If judge gives ok, same-sex couples ready to marry... fast
It’s a long shot, but there is a chance.
If federal Judge Bernard Friedman overturns the same-sex marriage ban tomorrow, that could open a small window for Michigan’s same-sex couples to legally marry in this state.
How small would that window be? Teeny. Maybe just a few hours, maybe days.
That’s because a ruling against the marriage ban would be almost immediately appealed by Michigan’s attorney general, Bill Schuette. He’d also ask the appeals court to put a temporary freeze on Friedman’s ruling until the higher court decides the case.
But hey, a window’s a window.
So we sent out a Facebook post asking for stories from couples who are all but lacing up their running shoes to dash down the aisle, should the judge go their way.
And boy, did you respond. We don’t have enough room to publish them all, but here’s a sample, with only first names published.
“My partner [and I] have been together two and a half years. We’ve been engaged for quite a while, just waiting until marriage became legal in our beloved state. We would LOVE to jump on the opportunity should it arise in the next several days.” - Brandi
“My partner and I got married (not legally of course) August 17th of this year. We are waiting for
the MOMENT we can get married! This is so exciting! This would make our family valid and give some security to our child!” – Keegan
“My partner and I figured we’d have to plan a trip to New York to get married by the end of the year, how great if we could do it in our home state?! We’ve been together since 2002, and in 2009 we got tired of waiting and had a religious/spiritual ceremony – we call it our ‘illegal wedding.’” – Elon
“My husband and I…are on ‘standby,’ as are at least two other couples, waiting to hear the results of the marriage case in Michigan. Mike and I were married in…Ontario in 2010 and we’ve been waiting for this for a long time. This would allow me to provide my husband with healthcare coverage. We have Wednesday and Thursday blocked off…and plan to leave work immediately and get married.” – Nick
Some clerks, clergy already on standby
Meanwhile, a handful of county clerks, like Ingham County’s Barb Byrum, say they’re ready to get same-sex couples married as fast as possible.
Byrum says her office has the paperwork ready and clergy members standing by.
“We’re ready if Judge Friedman does strike down the ban, and a couple comes into [our office] for a license,” she says.
As for the three day waiting period typically required between getting a license and actually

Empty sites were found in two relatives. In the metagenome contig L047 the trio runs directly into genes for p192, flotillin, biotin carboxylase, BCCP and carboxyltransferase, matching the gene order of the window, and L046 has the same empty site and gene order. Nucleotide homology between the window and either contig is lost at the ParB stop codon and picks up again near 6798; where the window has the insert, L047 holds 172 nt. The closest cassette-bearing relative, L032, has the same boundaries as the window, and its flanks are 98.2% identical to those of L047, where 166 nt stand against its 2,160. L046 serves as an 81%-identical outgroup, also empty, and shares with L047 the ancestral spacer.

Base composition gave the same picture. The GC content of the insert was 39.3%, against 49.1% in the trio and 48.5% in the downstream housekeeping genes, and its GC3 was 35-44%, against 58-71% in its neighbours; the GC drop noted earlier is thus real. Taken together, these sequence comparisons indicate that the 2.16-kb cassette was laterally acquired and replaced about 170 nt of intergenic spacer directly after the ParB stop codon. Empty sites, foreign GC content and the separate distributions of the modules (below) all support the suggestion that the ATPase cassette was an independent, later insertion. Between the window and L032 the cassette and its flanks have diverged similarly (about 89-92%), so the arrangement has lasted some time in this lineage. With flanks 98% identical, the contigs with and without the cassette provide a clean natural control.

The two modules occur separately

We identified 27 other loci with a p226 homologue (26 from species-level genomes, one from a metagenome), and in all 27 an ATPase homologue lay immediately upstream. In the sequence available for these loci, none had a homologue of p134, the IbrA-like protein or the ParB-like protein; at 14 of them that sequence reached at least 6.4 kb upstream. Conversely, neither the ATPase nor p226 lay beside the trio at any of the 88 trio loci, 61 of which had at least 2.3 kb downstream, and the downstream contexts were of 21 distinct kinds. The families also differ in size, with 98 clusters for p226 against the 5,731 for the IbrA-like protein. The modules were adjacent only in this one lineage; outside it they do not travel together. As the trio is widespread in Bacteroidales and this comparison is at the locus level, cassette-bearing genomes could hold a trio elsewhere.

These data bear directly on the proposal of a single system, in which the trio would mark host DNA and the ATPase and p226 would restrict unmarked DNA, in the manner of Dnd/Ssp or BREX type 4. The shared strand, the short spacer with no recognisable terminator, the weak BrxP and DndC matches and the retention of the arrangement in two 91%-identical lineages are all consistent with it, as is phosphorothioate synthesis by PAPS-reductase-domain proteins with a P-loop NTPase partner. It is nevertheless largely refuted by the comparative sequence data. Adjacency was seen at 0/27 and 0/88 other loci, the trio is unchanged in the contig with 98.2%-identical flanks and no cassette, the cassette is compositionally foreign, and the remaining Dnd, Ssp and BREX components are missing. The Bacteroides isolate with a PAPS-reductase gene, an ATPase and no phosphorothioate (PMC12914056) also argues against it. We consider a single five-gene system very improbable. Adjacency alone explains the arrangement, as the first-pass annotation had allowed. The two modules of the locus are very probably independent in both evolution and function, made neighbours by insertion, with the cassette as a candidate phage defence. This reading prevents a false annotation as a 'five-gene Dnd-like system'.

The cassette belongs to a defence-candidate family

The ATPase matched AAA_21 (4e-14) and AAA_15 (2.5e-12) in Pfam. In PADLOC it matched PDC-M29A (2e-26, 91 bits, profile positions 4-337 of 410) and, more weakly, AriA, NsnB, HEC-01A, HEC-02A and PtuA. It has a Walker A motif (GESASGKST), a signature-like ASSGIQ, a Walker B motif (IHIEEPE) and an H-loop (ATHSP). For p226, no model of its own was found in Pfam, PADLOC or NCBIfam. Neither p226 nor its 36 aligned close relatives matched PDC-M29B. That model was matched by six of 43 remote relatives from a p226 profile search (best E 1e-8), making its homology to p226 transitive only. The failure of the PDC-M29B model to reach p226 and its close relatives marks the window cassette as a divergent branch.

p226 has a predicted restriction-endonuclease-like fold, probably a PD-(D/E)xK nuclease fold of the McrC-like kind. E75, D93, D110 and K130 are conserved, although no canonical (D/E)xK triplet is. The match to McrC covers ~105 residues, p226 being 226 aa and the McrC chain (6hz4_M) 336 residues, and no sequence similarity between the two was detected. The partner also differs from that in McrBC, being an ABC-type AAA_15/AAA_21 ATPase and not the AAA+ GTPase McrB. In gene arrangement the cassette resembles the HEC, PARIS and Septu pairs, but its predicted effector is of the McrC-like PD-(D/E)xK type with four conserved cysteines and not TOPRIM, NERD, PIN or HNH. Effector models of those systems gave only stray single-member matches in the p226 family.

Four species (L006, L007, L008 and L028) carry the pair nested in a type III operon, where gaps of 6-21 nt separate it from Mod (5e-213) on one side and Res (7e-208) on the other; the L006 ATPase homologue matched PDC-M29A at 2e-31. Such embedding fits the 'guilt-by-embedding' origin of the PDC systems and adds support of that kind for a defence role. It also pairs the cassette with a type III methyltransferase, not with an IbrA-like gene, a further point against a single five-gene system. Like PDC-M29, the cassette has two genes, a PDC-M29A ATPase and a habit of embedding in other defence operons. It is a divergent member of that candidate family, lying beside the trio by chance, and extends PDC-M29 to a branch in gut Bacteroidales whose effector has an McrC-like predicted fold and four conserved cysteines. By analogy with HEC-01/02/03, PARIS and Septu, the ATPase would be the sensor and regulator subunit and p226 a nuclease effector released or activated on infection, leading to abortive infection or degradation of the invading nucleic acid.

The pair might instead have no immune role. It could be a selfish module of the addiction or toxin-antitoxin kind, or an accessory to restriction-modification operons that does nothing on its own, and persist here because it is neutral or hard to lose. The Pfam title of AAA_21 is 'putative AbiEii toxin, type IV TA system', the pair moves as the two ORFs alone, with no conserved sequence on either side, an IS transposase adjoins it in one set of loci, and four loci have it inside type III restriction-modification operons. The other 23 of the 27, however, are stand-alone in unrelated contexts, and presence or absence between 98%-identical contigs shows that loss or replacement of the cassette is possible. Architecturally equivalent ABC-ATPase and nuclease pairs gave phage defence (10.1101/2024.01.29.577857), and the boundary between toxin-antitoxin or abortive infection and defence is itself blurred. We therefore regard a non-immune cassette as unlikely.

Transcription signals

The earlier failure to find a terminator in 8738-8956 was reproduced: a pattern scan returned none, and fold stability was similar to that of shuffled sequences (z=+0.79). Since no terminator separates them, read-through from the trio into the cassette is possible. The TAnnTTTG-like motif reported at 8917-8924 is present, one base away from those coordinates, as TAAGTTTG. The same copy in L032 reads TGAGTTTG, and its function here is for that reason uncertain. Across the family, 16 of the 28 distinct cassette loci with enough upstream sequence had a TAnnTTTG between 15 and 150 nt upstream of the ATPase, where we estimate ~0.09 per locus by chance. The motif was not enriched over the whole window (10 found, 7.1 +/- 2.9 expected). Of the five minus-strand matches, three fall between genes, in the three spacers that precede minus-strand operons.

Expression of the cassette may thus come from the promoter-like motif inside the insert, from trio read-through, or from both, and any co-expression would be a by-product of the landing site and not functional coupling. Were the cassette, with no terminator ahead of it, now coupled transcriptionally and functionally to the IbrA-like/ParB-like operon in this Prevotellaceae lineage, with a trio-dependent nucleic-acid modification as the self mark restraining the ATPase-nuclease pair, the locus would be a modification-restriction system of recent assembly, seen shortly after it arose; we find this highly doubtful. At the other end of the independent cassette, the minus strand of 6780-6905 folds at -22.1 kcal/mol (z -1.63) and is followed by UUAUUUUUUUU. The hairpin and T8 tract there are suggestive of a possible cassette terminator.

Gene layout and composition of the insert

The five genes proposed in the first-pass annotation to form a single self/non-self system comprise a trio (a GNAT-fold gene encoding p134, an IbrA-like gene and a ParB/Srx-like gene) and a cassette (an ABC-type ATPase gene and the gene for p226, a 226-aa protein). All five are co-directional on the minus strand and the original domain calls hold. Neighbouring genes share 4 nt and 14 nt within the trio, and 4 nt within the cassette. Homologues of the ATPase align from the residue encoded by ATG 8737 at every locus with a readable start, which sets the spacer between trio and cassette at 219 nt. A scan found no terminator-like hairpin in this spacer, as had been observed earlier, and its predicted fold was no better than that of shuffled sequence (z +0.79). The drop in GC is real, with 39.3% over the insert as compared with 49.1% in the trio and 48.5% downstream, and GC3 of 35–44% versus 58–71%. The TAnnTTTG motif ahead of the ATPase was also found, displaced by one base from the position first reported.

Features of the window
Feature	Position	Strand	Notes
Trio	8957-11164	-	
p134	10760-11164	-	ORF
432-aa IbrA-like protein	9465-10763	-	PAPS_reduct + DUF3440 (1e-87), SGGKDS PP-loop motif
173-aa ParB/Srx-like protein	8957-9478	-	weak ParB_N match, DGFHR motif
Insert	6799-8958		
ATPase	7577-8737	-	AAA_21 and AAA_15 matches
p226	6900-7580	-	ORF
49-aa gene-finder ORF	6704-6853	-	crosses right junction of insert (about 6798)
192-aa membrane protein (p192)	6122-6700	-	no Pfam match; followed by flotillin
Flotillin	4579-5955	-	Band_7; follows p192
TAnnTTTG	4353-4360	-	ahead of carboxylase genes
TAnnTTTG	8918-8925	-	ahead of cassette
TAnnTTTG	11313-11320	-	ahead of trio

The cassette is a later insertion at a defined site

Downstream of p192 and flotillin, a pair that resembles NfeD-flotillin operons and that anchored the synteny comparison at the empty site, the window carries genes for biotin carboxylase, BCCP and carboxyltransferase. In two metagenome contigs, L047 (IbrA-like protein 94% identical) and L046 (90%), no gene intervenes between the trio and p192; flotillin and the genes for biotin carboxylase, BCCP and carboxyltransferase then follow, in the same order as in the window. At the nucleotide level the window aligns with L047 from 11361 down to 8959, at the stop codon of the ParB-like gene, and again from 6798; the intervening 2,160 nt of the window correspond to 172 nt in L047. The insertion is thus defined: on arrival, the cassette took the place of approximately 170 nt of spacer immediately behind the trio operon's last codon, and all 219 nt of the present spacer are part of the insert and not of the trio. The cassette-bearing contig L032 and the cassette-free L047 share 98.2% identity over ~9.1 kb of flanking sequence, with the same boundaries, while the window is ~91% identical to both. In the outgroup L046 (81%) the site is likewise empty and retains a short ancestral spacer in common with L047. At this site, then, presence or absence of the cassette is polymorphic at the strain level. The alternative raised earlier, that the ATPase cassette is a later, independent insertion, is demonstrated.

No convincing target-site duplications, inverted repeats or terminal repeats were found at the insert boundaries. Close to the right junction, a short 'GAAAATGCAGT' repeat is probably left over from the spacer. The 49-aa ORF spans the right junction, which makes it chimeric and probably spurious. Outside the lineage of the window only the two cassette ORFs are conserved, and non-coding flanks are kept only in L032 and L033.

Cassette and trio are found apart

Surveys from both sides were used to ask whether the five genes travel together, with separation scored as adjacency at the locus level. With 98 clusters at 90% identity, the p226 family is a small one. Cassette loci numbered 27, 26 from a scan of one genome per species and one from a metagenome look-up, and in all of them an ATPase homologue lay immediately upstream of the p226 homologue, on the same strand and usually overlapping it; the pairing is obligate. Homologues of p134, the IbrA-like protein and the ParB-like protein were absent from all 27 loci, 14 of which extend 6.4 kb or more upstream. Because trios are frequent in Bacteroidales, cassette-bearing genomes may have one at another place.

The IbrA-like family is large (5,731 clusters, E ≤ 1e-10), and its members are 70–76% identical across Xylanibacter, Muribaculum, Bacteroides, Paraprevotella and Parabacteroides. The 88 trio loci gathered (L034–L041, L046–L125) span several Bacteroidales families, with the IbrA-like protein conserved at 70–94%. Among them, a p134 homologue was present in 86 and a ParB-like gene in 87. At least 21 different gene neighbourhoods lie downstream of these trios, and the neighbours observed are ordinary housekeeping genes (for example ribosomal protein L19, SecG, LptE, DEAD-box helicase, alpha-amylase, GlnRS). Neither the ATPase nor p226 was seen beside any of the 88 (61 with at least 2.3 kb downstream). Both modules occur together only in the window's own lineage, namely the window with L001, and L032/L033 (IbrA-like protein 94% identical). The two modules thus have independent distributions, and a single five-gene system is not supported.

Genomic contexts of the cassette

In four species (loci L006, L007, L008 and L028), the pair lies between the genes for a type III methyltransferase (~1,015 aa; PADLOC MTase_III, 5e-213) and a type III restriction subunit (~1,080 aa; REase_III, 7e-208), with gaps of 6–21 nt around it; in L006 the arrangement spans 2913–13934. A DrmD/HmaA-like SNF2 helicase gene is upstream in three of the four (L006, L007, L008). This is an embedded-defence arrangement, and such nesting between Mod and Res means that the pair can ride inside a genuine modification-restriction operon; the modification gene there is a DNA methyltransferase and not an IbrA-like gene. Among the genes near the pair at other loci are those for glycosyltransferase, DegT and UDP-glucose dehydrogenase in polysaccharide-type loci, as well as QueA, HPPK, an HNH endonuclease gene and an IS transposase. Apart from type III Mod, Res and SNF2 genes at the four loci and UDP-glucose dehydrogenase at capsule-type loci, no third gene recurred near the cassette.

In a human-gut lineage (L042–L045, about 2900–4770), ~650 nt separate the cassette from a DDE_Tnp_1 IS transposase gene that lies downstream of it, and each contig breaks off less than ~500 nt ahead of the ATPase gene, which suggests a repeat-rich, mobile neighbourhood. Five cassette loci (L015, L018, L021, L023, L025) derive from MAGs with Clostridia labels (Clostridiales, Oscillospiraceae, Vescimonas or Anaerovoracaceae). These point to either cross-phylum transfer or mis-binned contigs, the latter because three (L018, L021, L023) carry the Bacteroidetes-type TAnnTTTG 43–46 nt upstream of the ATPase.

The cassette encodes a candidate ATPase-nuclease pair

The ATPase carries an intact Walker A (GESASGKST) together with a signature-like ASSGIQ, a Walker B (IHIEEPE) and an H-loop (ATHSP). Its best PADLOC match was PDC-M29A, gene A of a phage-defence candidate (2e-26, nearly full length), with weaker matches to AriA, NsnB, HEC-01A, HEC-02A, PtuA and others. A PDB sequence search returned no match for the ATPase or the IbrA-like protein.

marrying, Byrum says “in this case, I certainly would waive [that wait requirement].”
“I’ve been contacted by three couples already,” says Byrum. “And I have a feeling that between now and Wednesday, I’ll be contacted by several more.”
She says she’s happy to marry those couples herself.
But if a county clerk’s office isn’t your dream wedding destination, “the court house in Mason is also gorgeous,” Byrum says.
She also points out that under Michigan law, you must apply for a marriage license in the county where you live. If each partner lives in a different county, they can apply in either one.
Whatever the decision, legal fight will continue
No matter what, you can count on an appeal.
Attorney General Bill Schuette will keep fighting to uphold a 2004 vote making the Michigan Marriage Amendment part of the state’s constitution.
Ultimately, his defense comes down to one principle: this is about upholding “the laws of this
State and the will of its people – nothing more, nothing less. Those choices were not an attack on the gay and lesbian community, but rather a reaffirmation of the traditional definition of marriage as between a man and a woman. To suggest otherwise is to paint a majority of the State as bigots, which is both unfounded and inaccurate,” reads the state’s brief.
That same document also addresses the charge that the ban no longer reflects public opinion of same-sex marriage.
Even if that is the case, the defense argues that that doesn’t make this amendment unconstitutional:
“At best, it would make [the amendment] misaligned with public opinion, and there is an appropriate forum for remedying that – the democratic process – not this Court. Quite simply, Plaintiffs have chosen the wrong forum to effectuate the result they seek. It would be inappropriate for this Court to impose its will on the people of the State of Michigan.”